At the Guardian, Kathryn Hughes (author of this excellent biography of George Eliot) writes about the autobiographical resonance of The Mill on the Floss:
Unusually for such an intensely autobiographical novel, The Mill on the Floss was not Eliot’s first work of fiction, but her third. Shortly before it came out she explained to a friend that my “mind works with most freedom and the keenest sense of poetry in my remotest past”, and her first two novels had indeed truffled her own prehistory. Scenes of Clerical Life (1858) was drawn from stories circulating around her childhood community about a series of mild scandals that had taken place several decades earlier. Adam Bede (1859) was based on the young adulthood of her father, her uncle and her uncle’s wife. It was as if Eliot had been working through what she called the “many strata” of collective memory before she was ready, finally, to confront her own past. . . . (read the rest here)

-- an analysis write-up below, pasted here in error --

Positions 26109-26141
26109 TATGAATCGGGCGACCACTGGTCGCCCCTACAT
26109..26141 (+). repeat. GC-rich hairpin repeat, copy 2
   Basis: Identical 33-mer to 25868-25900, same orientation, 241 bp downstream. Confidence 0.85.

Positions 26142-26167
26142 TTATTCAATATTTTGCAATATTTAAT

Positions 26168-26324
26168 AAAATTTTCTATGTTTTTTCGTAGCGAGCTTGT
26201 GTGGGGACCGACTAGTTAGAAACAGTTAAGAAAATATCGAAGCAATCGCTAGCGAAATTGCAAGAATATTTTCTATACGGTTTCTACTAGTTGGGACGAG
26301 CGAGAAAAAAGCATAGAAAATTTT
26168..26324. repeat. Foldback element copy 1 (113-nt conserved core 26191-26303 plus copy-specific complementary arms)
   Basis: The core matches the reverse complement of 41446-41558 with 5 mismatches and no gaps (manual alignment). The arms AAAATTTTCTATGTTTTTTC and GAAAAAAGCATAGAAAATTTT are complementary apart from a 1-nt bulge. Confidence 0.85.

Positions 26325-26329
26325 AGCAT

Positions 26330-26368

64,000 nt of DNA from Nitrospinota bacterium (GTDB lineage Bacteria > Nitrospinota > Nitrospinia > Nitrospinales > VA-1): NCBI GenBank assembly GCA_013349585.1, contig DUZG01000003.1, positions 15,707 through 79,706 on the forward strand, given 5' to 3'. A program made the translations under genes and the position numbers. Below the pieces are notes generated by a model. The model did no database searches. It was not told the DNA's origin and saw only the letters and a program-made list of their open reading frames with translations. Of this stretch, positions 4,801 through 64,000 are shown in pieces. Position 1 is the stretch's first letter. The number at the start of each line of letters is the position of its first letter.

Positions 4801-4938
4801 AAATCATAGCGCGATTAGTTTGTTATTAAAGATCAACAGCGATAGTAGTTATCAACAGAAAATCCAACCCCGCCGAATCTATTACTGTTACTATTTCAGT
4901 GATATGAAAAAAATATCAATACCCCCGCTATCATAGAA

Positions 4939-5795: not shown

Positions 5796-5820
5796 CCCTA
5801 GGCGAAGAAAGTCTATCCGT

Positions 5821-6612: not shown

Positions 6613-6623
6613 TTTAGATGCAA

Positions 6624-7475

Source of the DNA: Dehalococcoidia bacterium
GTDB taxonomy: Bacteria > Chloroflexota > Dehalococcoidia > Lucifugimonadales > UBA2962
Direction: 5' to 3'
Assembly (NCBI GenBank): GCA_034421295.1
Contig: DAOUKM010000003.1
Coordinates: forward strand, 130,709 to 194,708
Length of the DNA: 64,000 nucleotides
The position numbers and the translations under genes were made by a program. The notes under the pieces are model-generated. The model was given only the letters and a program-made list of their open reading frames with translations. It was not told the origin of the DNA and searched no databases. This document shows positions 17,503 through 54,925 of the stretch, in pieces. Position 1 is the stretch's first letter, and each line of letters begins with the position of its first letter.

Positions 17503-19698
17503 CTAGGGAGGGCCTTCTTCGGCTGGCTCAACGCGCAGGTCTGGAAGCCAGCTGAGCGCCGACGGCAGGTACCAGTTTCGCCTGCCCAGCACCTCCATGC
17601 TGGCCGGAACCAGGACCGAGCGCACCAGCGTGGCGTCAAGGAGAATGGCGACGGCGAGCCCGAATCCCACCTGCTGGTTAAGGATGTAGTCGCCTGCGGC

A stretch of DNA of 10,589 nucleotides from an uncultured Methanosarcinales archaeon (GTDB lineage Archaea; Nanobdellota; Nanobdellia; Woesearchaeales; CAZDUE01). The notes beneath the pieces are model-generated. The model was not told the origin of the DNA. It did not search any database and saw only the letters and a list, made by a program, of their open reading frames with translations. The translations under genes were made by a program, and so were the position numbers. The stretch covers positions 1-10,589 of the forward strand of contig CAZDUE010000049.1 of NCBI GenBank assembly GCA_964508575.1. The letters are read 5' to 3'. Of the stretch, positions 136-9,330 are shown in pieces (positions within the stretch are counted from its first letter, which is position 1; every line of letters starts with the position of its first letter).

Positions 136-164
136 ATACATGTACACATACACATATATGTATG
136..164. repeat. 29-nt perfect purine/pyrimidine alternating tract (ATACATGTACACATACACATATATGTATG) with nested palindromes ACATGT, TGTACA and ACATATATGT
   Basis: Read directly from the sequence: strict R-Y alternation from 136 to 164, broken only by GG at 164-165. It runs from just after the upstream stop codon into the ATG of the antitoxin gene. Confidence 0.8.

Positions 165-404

As Hughes notes, “[l]iterary theorists tend not to approve of reading novels as if they were fictionalised autobiography,” though I don’t know any critical accounts of The Mill on the Floss that overlook the kinds of parallels Hughes draws attention to in her account. It’s not that they don’t exist–it’s just that ultimately, they aren’t that critically interesting, as I think Hughes’s own piece shows. Once you’ve done the mix-and-match exercise (“[Robert] Evans, like Tulliver, was a fond father, who doted on “his little wench”, born when he was already middle aged,” “the Dodson aunts derive much of their grotesque energy from Eliot’s close observations of her own mother’s sisters, the Pearsons,” and so forth) you still won’t have said much about the novel’s internal energies and motivations.